Most of us know people who consume alcohol on a regular basis. We might even do it ourselves. We go out on the weekends with friends and have a few drinks at the local bar, or we stay in and have a beer or a glass of wine on an almost-nightly basis.
But you might know someone who takes things a bit further than they should. Maybe they have a few too many drinks when you go out, requiring you to step in and take care of them to ensure they get home safely. Or maybe your spouse has multiple drinks every night.
How can you tell whether these behaviors constitute an “alcohol abuse problem?” And what steps should you take to help them recover?
Alcohol Consumption vs. Alcohol Abuse
Alcohol is a drug. It just happens to be a commonly accepted one. Most of us can consume a bit of alcohol on a periodic basis without health consequences or social ramifications. But in excessive amounts, it can turn into a larger problem.
Alcohol abuse refers to someone who drinks to an extent that it results in some kind of problem; it may be a risk to their health or interfere with their daily life. If alcohol abuse is persistent, it could turn into alcohol dependence – a physical addiction to the substance. A person with alcohol dependence, also known as alcoholism, will be almost unable to get through the day without alcohol.
Still, alcohol abuse is tricky to define, for a few reasons:
- Alcohol affects everyone differently. First, everyone reacts differently to alcohol. For one person, a few beers have almost no perceptible cognitive effects. For another, a single glass of wine can make them feel buzzed. You can’t judge someone’s internal state based on how much or how frequently they’re consuming alcohol.
- Some people occasionally engage in alcohol abuse without a lasting problem. Have you ever had a night where you drank too much and regretted it the next day? Many of us have. Some of us have had a few nights like this – but it never became a habit, and these nights were few and far between. This could technically be considered “alcohol abuse,” but it never turned into a serious, lasting problem.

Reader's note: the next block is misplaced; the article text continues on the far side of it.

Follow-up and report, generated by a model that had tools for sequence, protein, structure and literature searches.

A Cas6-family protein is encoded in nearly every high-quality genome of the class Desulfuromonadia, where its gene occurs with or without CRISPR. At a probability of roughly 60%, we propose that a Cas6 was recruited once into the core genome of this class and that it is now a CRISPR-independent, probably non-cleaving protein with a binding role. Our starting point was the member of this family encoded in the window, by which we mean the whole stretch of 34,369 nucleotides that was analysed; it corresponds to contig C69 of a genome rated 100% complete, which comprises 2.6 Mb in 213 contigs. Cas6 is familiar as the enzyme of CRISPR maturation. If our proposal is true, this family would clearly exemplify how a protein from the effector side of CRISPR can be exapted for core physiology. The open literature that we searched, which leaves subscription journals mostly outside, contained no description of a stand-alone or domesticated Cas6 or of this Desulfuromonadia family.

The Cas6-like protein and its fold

- It’s hard to evaluate someone else’s behavior. Do you know for sure how much your loved one is drinking? Can you tell how “drunk” they are? It’s hard to evaluate another person’s habits and behaviors, and we certainly can’t understand their internal mental state for sure.
What Are the Signs Your Loved One Has an Alcohol Abuse Problem?
If you suspect your loved one may have an alcohol abuse problem, look for the following signs:
- Frequent drinking. For most people, it’s perfectly acceptable to drink alcohol once or twice a week, even if they’re doing it every week. But if you drink every day, without fail, it could be the sign of an alcohol abuse problem.
- Drinking more than a responsible amount on a regular basis. A bit of alcohol can help you relax and feel more comfortable socializing. But if you drink heavily, your speech will slur, you’ll find it difficult to stay coordinated, and your ability to judge situations and make decisions will suffer. You may also have a difficult time remembering things and engage in risky or problematic behaviors. For some people, it takes two drinks to get to this level of drunkenness. For others, it takes five or more. In any case, if you exceed a responsible amount when drinking on a regular basis, it’s a sign of a problem.
- Strong cravings for alcohol. Does your loved one seem to experience strong cravings for alcohol? In other words, do they turn to alcohol to satiate an internal need, almost like thirst or hunger? If so, it may be a sign of a problem. Alcohol should be a conscious, responsible decision.
- Signs of tolerance or dependence on alcohol. Drinking alcohol heavily often leads to tolerance, requiring the person to consume higher and higher volumes to achieve the same effects. Eventually, this could turn into dependence, making it hard for the person to function without consuming alcohol.
- A lack of self-control when it comes to alcohol. Pay attention to this person’s mannerisms when they start drinking. Do they seem to impulsively seek more alcohol, rather than making a conscious decision to have more? People struggling with an alcohol abuse disorder often find it difficult to control their actions.
- Lying or sneaky behavior. If a person is aware of their bad alcohol habits, they may lie to you or attempt to furtively conceal their alcohol consumption. This is especially true if you’ve expressed your discontent with their habits. If you catch them lying or sneaking out to get a drink, it’s time to take the problem seriously.
- Abandoning plans or activities to drink alcohol. Does this person abandon plans they’ve made or ignore social opportunities so they can stay home or go to the bar and drink? When alcohol starts to interfere with their life this way, it becomes a problem.
- Relationship or work problems due to alcohol. Perhaps most importantly, alcohol abuse is a problem if it impacts the person’s social relationships or career. If they’re frequently late to work or if they don’t show up because of their heavy drinking, or if your relationship with them has suffered, it’s important to step in and help them on the path to recovery.
Are You Or A Loved One Suffering From An Alcohol Abuse Problem?
Do you want to be supportive, but don’t know what to do next? The first step is to have a frank conversation with them about the problem. Try to work together to curtail the habit and get them to a better place. If that doesn’t work, they may need more help – like an alcohol abuse rehab program.